FARMINGTON — Maine Summer Camps (MSC) recently held a job fair at the University of Maine Farmington to connect camp recruiters with potential employees.

MSC is a membership association for Maine youth camps. The non-profit organization has 130 members offering days or overnight camps of various types.

The job fair was a joint project between that organization and the UMF Career Services Department & Internship Program. A similar job fair was also held at the University of Southern Maine.

Maine Summer Camps in collaboration with the University of Maine Farmington held a job fair on the Farmington campus recently. Seen are some of the recruiters from 30 youth camps speaking with UMF students about job opportunities and the benefits of working at a summer camp. (Livermore Falls Advertiser photo by Pam Harnden)

Ron Hall, executive director of MSC, said to his knowledge this was the first job fair held specifically for Maine summer camps. In Farmington there was a steady flow of students coming through.

“This is a really unique collaboration between MSC and the university,” Hall said. “Camps are looking for young people, students, as counselors. They also need adults as cooks, nurses, directors. We have camp directors here from as far away as Florida that came up just for this.”

Andy Sangster, director of Camp Wawenock on Sebago Lake said, “As a Maine camp with a long history of developing staff and approaching camper development from an educational perspective, having access to a very strong education school as well as a broad range of other majors is important.

“There is a strong 4-H tradition and a lot of Maine kids have grown up in the outdoors. They’re comfortable in a more rustic camp environment. They can help us with teaching. Our focus can be on staff development rather than entertainment so it’s a natural fit for them.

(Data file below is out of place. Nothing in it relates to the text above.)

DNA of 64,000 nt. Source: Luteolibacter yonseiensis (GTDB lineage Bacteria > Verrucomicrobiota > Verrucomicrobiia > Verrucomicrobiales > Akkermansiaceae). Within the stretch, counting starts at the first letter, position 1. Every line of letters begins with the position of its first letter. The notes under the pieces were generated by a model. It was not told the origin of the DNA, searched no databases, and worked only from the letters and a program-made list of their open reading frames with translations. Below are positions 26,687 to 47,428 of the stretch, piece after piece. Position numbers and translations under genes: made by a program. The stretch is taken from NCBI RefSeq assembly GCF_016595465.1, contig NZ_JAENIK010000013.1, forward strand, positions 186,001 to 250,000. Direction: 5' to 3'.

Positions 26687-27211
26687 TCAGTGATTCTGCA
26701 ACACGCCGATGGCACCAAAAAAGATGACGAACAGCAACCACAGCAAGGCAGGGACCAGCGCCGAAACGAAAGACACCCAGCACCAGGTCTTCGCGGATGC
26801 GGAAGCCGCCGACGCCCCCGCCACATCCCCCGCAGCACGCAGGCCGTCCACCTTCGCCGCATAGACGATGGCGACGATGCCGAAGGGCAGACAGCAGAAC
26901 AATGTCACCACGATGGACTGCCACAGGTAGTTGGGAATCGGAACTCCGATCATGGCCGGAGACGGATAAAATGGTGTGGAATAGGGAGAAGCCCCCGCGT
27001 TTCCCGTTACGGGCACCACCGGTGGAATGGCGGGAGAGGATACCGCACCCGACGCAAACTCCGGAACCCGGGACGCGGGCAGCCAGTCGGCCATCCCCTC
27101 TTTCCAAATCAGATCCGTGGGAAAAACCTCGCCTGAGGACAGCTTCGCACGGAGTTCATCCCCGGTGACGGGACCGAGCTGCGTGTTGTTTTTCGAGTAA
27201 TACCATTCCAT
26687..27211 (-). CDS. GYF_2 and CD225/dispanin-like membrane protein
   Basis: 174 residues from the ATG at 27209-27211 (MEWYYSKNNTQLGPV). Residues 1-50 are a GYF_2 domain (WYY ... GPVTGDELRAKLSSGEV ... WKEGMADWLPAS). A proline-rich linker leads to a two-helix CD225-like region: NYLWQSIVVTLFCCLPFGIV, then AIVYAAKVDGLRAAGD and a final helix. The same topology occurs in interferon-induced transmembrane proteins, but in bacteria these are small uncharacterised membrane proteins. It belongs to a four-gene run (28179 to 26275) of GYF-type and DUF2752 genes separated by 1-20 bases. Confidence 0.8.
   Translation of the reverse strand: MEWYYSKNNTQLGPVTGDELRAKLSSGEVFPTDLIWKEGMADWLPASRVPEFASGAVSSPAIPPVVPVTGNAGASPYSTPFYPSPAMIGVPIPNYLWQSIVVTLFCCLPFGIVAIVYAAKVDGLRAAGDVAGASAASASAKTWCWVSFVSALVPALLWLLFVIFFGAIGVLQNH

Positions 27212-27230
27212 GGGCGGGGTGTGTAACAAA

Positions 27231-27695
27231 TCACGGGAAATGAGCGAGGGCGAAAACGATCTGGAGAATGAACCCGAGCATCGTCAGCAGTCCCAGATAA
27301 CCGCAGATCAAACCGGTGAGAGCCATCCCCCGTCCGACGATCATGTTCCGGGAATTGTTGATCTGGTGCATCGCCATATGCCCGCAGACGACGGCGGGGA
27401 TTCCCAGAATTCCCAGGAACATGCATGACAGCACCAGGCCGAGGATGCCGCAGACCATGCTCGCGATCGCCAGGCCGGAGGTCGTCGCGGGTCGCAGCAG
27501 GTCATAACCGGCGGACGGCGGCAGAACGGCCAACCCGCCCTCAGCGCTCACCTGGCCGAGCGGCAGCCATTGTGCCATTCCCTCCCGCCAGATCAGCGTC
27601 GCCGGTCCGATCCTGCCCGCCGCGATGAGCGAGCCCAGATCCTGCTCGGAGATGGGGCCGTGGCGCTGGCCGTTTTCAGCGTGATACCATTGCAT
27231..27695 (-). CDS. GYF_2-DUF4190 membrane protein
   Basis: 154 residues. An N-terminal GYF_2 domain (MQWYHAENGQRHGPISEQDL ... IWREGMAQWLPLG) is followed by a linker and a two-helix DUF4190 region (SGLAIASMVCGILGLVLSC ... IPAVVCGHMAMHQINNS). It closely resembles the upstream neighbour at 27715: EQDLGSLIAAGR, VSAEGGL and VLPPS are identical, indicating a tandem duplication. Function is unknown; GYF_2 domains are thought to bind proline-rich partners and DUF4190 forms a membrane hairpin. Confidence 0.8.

Maine Summer Camps in collaboration with the University of Maine Farmington held a job fair on the Farmington campus recently. Seen at left is Andy Lilienthal, director of Camp Winnebego in Fayette, speaking with UMF student Chris Ouellette of Otisfield about the skills gained by working at a summer camp. (Livermore Falls Advertiser photo by Pam Harnden)

“The leadership and independence they are asked to develop prepares them for life experiences. They gain a lot.”

An information sheet provided by Camp Wawenock lists communication, conflict resolution, collaboration, decision making, problem solving, leadership and management skills as transferable skills that can be built while working at a summer camp. Working at a camp also provides opportunities to learn more about yourself and training for future endeavors. A variety of perks often comes with the job.

Elizabeth Standen and her husband, Mark Standen, are the owners of Camp Kawanhee in Weld.

“Working at a summer camp is the most important job you’ll ever have,” she told one student.

Some 190 boys, between the ages of seven and 17, attend the camp each summer. Boys from all over the United States and abroad spend part of their summer at the camp located on Webb Lake.

Maine Summer Camps in collaboration with the University of Maine Farmington held a job fair on the Farmington campus recently. Camp Alsing director Emily Chaleff is seen speaking with Camp Wawenock director Andy Sangster during the fair. (Livermore Falls Advertiser photo by Pam Harnden)

“This is the camp’s 99th summer. We’re looking forward to a big centennial celebration next year,” Standen said.

Visit the Maine Summer Camps website, https://mainecamps.org, for information about camps in Maine or employment opportunities.

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